Unlike the iOptik, which requires glasses to work, these contact lenses can be used as standalone systems capable of performing tasks such as taking pictures.
Microsoft and the University of Washington have also been working on similar projects that seem more like a prop in movies such as Mission Impossible 4.
In 2012, they created a prototype of a hard augmented reality contact lens capable of receiving radio signals and transmitting them to the brain through optical nerves.
For years, automakers have worked to push fuel economy beyond 100 miles per gallon. Reaching that mark typically meant three things: cutting weight, maximizing aerodynamics, and improving powertrain efficiency. In 1999, Volkswagen engineers got close with the Lupo 3L, a three-cylinder coupe that could go 78.4 miles on one gallon of diesel. Not satisfied, VW tasked star engineer Ulrich Hackenberg, whose résumé includes work at Bentley and Bugatti, with breaking the 100mpg barrier. Hackenberg’s team crushed that goal – and then some. In tests, their new XL1 got a mind-bending 261 mpg.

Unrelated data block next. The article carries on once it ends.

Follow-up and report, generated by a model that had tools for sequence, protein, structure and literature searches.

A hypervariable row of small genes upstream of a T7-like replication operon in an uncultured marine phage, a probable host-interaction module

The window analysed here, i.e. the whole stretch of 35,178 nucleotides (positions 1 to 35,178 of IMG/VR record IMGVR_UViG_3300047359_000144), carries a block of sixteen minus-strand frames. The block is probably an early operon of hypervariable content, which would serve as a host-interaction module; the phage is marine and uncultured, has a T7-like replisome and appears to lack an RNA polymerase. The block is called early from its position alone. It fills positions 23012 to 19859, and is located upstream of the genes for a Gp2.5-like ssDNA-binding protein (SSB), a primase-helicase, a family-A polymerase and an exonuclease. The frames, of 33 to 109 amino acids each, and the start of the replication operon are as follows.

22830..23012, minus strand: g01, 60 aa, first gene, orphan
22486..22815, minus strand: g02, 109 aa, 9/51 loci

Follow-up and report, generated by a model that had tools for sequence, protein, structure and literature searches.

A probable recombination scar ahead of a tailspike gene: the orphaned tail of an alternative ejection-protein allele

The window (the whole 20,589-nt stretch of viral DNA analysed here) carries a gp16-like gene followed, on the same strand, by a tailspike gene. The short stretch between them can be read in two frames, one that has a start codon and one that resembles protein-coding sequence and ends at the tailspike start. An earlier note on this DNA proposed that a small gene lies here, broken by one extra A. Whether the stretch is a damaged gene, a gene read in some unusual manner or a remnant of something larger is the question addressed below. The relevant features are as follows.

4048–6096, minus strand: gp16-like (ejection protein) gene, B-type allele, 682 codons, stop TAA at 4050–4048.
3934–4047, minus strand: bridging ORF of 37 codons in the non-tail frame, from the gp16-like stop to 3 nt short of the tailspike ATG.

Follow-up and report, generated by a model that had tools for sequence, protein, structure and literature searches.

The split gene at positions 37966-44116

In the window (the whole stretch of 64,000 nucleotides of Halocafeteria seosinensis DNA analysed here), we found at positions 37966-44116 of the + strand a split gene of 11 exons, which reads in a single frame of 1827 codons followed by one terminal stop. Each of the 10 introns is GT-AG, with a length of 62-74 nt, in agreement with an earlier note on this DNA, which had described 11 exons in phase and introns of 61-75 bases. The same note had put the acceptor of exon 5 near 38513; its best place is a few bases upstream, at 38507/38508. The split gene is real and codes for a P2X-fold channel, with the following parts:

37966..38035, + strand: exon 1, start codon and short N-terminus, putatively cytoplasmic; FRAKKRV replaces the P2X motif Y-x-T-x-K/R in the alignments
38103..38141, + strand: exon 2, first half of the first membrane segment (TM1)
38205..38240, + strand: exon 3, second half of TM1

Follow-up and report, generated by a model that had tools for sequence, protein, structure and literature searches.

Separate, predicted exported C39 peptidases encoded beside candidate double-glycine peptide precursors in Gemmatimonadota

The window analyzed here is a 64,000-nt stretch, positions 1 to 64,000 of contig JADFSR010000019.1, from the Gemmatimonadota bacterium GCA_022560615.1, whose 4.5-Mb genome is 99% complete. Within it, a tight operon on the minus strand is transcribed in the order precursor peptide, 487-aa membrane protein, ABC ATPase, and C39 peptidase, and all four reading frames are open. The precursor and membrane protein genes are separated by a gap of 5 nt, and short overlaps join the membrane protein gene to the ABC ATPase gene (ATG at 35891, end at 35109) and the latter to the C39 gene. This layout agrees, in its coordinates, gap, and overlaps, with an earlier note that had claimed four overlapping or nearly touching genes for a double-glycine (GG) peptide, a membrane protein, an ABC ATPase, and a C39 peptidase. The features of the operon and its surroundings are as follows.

The team designed nearly every part of the XL1 from scratch. To trim weight and add strength, they replaced some steel components, such as the chassis, with carbon-fiber ones. To reduce drag, they removed side-view mirrors and sculpted the body into a smooth, low-riding shape. With the car lighter and slipperier, the 830cc, two-cylinder diesel engine and the 20kW electric motor can propel the XL1 well over 500 miles on a single 2.6-gallon tank of fuel.
The XL1, Exploded View (Courtesy Volkswagen)